MELBOURNE, Australia -- If he wasn't convinced before Tuesday, Jack Sock knew for sure after his four-set first-round victory in the oppressive heat that engulfed Melbourne Park, that he was doing something right.
It wasn't always like that, however, for the 21-year-old Nebraska native and 95th-ranked player, who defeated 78th-ranked Tobias Kamke 7-6 (5), 5-7, 6-2, 6-4 -- one of just three American men to advance to the second round of the Australian Open.
The only seeded American man, John Isner, retired with a recurring ankle injury against Martin Klizan while the other American men in action Tuesday – Bradley Klahn (to 22nd seed Grigor Dimitrov), Rhyne Williams (to Juan Martin del Potro) and Ryan Harrison (to Gael Monfils) -- were all eliminated.
For Sock, there was no greater sign of his improved fitness than conditions that Tuesday reached a high of 108 degrees.
"There were guys playing at the same time I heard had cramped or were feeling it, and I felt great at the end of the match and throughout the fourth set, and if it needed to go five, I was ready," he said.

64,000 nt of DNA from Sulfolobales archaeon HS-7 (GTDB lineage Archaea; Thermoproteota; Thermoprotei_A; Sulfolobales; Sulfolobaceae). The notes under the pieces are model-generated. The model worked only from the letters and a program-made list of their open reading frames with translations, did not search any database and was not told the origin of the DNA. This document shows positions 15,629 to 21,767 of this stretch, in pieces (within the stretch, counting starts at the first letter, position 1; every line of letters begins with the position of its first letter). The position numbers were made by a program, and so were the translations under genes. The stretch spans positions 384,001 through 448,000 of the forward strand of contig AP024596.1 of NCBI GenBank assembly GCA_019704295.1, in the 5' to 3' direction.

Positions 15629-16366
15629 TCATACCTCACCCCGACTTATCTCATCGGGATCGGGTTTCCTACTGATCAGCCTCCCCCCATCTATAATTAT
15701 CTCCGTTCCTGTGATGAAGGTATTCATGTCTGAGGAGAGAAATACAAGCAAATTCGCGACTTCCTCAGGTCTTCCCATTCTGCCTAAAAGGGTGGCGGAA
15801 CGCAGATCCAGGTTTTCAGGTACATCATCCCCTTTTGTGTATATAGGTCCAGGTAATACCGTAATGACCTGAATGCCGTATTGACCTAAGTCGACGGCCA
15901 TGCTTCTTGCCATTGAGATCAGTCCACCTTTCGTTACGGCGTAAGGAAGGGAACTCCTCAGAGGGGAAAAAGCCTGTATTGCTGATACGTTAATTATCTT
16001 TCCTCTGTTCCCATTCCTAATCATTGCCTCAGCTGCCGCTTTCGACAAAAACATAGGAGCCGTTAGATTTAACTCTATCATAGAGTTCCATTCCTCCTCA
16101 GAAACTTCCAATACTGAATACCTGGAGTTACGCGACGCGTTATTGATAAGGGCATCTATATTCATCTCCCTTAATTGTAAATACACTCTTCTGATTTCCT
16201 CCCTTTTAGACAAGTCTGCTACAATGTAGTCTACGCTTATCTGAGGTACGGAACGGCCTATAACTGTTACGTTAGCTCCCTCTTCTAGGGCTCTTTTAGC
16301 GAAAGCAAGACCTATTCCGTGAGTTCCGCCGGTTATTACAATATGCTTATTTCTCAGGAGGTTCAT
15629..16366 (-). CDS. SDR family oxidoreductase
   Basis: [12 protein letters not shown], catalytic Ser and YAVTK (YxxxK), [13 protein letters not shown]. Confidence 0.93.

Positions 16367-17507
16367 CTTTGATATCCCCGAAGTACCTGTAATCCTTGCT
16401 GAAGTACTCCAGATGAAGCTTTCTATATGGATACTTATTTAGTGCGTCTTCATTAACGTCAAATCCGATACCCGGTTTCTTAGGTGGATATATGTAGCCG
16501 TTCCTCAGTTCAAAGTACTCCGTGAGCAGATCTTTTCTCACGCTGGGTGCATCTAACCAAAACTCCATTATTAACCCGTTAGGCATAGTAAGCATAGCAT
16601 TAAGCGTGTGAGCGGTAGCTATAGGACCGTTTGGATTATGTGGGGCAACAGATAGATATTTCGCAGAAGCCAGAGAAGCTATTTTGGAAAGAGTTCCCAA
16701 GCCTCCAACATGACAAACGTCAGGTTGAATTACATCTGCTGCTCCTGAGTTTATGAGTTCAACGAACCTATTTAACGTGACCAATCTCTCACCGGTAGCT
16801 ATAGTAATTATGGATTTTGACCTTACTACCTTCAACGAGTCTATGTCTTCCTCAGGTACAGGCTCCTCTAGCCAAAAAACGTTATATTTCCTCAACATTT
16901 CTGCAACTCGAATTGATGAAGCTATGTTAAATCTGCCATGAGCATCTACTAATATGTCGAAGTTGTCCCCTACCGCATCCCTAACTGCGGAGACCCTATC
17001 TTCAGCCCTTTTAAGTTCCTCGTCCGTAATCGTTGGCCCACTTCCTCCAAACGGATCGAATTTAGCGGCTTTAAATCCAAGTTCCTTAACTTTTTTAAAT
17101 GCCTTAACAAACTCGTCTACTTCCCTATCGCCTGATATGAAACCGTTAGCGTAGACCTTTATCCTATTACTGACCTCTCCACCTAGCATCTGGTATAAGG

It is, Sock admits, a dramatic change from his fitness level when he turned pro in 2011.
"I think I probably just didn't accept it," he said. "I think I knew what I had to do but I was just trying to get by and kind of just go off either talent or skills or whatever."
Sock said his agent, family and friends all had conversations with him about raising his workouts a notch or two.
"I think I probably always knew it in the back of my head," he said. "You just see those top guys playing six-hour matches and they look like they're warming up. It's outrageous but that's what it takes in today's game to be successful and able to make a living at this and achieve the things everyone wants to achieve. I think the last couple months, I just looked at myself in the mirror and figured out what I need to do and now I'm ready to go and have a great mindset going."
He will certainly need it in his second-round match against one of the more exciting players on tour, the 25th-seeded Monfils.
"He's one of a kind, that's for sure," Sock said of Monfils. "He's very exciting to watch, is spunky, has his own style and covers the court better than anyone probably."